The anonymous and self-appointed guardians of democracy declared this week that terms such as “neocon,” “corporatist”, “imperialist” or “establishment” – among others – are “tropes/slurs primarily used by Russian propaganda.” To illustrate this, they tweeted a chart by someone called “Northern Conspirator,” another anonymous Twitter thought-police account.
Reactions to PropOrNot’s claim have been swift and satirical, with outspoken critics of the corporatist imperial warmongering neocon-neoliberal establishment declaring themselves totally convinced.
“PropOrNot ID Service,” as its full name goes, first made headlines in late 2016, as one of the outfits cited by the Washington Post claiming Russian meddling in US politics. The Post described them as “an independent team of concerned American citizens.”
Hiding behind anonymity, the outfit compiled a list of websites and people it declared “Russian” agents. After protests from multiple people who found themselves on the blacklist, the Post had to publish an editor’s note, saying it could not “vouch for the validity of PropOrNot’s findings regarding any individual media outlet.”
Its influence continued, however, with multiple outlets on its blacklist finding themselves banned by Facebook in October 2018 as “Russian propaganda.”
The efforts of anonymous outfits to police speech in the US is problematic, given the recent revelations that another self-appointed guardian of democracy, New Knowledge, actually spearheaded a “false flag” social media operation in 2017 – one of the four such operations identified so far, all on behalf of Democrats in a hotly contested Senate race in Alabama. New Knowledge was later commissioned by the Senate Intelligence Committee to write a report on social media meddling, in which they attributed their own methods and tactics to the Russian government.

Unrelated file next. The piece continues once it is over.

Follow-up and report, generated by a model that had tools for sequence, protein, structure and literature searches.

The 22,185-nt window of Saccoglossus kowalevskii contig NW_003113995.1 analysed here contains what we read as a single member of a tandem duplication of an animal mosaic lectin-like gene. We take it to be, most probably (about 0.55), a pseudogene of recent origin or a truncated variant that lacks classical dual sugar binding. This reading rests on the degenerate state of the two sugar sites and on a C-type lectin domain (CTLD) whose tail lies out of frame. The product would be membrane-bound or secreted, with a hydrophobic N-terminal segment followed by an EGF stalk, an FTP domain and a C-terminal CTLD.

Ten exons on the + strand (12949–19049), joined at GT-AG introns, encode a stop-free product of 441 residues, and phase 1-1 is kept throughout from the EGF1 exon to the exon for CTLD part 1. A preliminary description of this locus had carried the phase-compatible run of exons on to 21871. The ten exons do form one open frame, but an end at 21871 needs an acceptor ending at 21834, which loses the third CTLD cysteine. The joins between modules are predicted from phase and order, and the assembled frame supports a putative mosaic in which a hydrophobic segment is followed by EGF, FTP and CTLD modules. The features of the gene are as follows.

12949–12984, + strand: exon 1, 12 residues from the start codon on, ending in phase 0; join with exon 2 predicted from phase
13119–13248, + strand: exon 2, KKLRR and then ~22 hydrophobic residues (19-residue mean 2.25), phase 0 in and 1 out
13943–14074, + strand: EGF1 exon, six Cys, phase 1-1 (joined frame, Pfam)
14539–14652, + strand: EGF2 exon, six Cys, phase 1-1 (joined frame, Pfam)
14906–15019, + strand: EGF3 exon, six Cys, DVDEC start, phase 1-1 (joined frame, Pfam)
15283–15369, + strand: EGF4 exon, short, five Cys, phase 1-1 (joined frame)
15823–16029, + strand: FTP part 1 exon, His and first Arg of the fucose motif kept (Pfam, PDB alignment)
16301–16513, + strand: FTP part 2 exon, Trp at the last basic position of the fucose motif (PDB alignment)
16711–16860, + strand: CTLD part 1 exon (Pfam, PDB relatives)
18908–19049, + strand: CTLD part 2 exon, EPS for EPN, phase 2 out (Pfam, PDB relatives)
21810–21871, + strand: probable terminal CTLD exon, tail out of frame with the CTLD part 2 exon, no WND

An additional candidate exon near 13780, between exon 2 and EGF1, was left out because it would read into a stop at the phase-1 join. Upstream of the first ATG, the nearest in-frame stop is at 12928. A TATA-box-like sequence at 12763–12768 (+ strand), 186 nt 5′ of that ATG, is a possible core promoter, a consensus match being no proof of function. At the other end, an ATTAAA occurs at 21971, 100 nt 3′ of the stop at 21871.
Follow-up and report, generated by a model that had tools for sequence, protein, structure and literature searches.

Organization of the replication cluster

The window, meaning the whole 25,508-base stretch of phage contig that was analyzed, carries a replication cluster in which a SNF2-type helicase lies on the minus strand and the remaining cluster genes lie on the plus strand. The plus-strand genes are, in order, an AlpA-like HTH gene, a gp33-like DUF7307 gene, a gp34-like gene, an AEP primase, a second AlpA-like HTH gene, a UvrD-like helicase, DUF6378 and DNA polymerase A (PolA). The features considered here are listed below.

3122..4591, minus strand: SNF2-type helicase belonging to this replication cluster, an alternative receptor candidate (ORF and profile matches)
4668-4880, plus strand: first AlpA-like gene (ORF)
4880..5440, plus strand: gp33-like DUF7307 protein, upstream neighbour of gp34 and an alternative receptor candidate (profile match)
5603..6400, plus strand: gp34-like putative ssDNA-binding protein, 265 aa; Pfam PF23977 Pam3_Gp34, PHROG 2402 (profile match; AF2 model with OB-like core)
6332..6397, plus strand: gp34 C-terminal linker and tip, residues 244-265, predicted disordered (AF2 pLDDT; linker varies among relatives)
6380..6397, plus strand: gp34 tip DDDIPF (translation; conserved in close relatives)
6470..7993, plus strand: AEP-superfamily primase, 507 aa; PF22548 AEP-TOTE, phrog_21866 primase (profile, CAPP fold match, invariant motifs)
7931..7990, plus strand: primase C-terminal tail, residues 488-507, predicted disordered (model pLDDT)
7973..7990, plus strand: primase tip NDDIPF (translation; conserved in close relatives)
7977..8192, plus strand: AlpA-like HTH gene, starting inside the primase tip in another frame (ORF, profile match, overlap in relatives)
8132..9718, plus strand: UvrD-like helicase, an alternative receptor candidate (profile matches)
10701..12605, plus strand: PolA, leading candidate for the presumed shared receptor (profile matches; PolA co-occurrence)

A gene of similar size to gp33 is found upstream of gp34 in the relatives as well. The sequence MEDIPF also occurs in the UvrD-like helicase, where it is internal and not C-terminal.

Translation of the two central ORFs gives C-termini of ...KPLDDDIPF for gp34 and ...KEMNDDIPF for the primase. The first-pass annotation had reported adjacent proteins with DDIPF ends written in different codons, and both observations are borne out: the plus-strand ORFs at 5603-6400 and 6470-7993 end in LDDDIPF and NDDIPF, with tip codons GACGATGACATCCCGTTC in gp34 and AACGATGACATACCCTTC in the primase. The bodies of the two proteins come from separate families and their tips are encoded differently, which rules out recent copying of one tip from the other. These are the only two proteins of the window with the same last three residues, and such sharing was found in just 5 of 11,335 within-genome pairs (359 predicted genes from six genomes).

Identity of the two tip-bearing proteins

In addition to its malice in declaring all criticism of US establishment “Russian propaganda,” PropOrNot is factually wrong: neoconservatism is very much an American thing, as argued by its “godfather” Irving Kristol.
The “historical task and political purpose of neoconservatism would seem to be this: to convert the Republican party, and American conservatism in general, against their respective wills, into a new kind of conservative politics suitable to governing a modern democracy,” Kristol wrote in an essay titled The Neoconservative Persuasion, published in 2003 by the Weekly Standard. That was also the title of Kristol’s collected writings, which came out after his death in 2009.
Kristol’s son Bill now sits on the advisory council of ‘Alliance for Securing Democracy,’ the parent organization of the Hamilton68 dashboard, a brainchild of New Knowledge’s co-founder Jonathon Morgan that purports to track “Russian bots” on Twitter.
The burning question now in everyone’s mind is how such luminaries of neoconservatism – from Irving and Bill Kristol to Norman and John Podhoretz – have managed to be undetected Kremlin agents for so long.